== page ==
Starting this year, India will start manufacturing some of the most complex mirror pieces and key subsystems, which will be assembled onto the under-construction Thirty Metre Telescope (TMT), the world’s largest ground-based telescope.
India is one of the member countries, along with institutions in the USA, Canada, Japan and China, that are working on the international mega science project, planned to be built on Mauna Kea in the Hawaiian islands.
Recently, the Indian scientific community awarded Larsen & Toubro (L&T) the project to build Segment Support Assembly (SSA). These are complex optomechanical sub-assemblies on which each hexagonal mirror of the 30-metre primary mirror, the heart of the telescope, is mounted.
The SSAs are responsible for ensuring that the each of the total 492 mirror segments remain aligned and phased to very high accuracy, at the time of taking observations.
The Department of Science and Technology (DST) and the Department of Atomic Energy (DAE) are jointly giving Rs 1,300 crore for the project over a period of 10 years of construction. Of the total sanctioned budget, India plans to spend about 70 per cent on developing various key hardware and software systems for the project.
Importantly, a first-of-its-kind large optics facility, called IndiaTMT Optics Fabricating Facility (ITOFF), is coming up on the campus of the Indian Institute of Astrophysics (IIA) at Hosakote near Bengaluru.
“On behalf of India TMT, IIA, Bengaluru inked a contract with L&T on December 31, 2018, for manufacturing 100 SSAs. This contract has been placed with a total value of approximately Rs 60 crore,” India-TMT Programme Director Eswar Reddy told The Indian Express.
Legal challenges for the project
The groundbreaking ceremony for the project was held in October 2014. But the TMT consortium faced legal challenges till late last year, mainly due to opposition from some groups of native Hawaiians who are against setting up of the observatory on Mauna Kea. In 2018, the Hawaii Supreme Court gave two verdicts in favour of TMT, thereby paving way for on-site construction. The TMT board is evaluating its options in the wake of these judgments before taking a decision on further course of action.
During the course of this year, L&T will manufacture 10 SSAs. So far, about 10 per cent, or a little over 100 crores, have been spent in setting up various facilities and the co-ordination centre for India-TMT, on organising science outreach programmes and workshops, for developing and testing prototypes of the subsystems of the telescope to be built in India.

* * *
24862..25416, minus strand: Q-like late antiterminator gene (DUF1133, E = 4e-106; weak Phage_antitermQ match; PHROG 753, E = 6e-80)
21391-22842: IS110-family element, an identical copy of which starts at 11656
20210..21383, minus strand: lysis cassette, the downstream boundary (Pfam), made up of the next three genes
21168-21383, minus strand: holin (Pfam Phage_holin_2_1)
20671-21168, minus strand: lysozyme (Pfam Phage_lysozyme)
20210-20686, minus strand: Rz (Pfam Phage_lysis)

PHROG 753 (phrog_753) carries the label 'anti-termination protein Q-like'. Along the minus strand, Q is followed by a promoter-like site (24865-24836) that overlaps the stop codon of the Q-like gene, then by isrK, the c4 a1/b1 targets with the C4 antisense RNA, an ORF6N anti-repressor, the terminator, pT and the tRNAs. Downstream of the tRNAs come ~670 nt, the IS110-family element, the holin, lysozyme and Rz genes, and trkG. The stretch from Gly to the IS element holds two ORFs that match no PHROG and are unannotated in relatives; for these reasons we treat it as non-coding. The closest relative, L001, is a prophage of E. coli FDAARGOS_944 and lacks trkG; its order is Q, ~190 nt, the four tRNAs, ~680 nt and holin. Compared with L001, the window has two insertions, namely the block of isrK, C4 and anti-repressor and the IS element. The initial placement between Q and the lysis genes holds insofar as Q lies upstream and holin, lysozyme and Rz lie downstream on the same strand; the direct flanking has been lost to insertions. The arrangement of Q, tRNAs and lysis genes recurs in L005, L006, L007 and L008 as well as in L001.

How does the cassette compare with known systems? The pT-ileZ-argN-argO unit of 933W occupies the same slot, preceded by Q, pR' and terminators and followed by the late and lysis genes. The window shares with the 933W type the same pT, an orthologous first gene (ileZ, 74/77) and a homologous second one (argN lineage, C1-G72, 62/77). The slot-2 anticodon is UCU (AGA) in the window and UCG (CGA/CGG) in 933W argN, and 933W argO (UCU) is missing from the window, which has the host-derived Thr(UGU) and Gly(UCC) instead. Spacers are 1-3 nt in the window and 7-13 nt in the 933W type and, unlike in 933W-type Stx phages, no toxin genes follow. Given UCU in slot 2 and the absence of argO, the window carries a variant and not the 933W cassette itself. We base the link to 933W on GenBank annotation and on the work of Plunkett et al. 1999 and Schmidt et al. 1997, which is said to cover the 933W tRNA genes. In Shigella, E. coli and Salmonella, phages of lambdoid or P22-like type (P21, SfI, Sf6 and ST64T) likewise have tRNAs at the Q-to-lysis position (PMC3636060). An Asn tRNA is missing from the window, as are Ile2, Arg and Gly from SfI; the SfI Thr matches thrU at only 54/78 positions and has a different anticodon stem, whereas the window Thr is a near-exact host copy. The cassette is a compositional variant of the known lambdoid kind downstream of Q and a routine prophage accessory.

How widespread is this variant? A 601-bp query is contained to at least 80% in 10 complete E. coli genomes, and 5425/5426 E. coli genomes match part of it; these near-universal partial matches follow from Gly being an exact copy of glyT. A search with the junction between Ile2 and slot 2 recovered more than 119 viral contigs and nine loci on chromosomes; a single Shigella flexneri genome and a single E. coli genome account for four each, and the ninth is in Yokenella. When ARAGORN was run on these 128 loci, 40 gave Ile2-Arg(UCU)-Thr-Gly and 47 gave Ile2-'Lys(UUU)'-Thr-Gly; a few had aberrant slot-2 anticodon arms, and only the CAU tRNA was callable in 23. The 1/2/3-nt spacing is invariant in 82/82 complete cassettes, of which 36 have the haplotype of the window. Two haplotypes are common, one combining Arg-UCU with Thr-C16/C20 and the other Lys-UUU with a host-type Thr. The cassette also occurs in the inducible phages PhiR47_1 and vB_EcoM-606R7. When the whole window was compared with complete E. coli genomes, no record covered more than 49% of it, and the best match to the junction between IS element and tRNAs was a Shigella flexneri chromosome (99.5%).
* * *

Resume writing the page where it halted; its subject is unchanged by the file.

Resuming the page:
Prior to initiating manufacturing of the SSAs, the India-TMT team had developed six prototypes by engaging with a select Indian companies.
India has a significant role among other member nations, with key instrumentation components for the TMT being manufactured in the country.
For instance, the 80 mirrors contributed by India are designed to be placed along the circumference of the primary mirror and are among the toughest ones to manufacture. Each of the 492 mirrors, belonging to 82 different types, will carry 12 pairs of edge sensors. These sensors detect even minute faults in alignments among the segments and provide feedback to a set of three actuators behind each mirror segment. Together, the sensors, actuators and the SSAs that are controlled through a complex alignment and phasing software will ensure that the mirror segments stay phased.
“All sensors, actuators and SSAs for the whole telescope are being developed and manufactured in India, which will be put together in building the heart of TMT. All of these demand engineering precision. Since it is for the first time that India is involved in such a technically demanding astronomy project, it is also an opportunity to put to test the abilities of Indian scientists and industries, alike. The skills developed for the project can have applications in a wide range of areas.” said A N Ramaprakash, the Associate Programme Director of India-TMT. On the manufacturing plans in the months ahead, Reddy said: “L&T shall be responsible, right from the procurement of raw materials to manufacturing, inspection, assembly of the SSA components, as per the prescribed requirements. Initially, there will a Production Qualification Phase (PQP) and tests would be performed on 10 manufactured SSAs. Depending on the results and project requirements and fund flow, a decision on production phase will be taken thereafter.”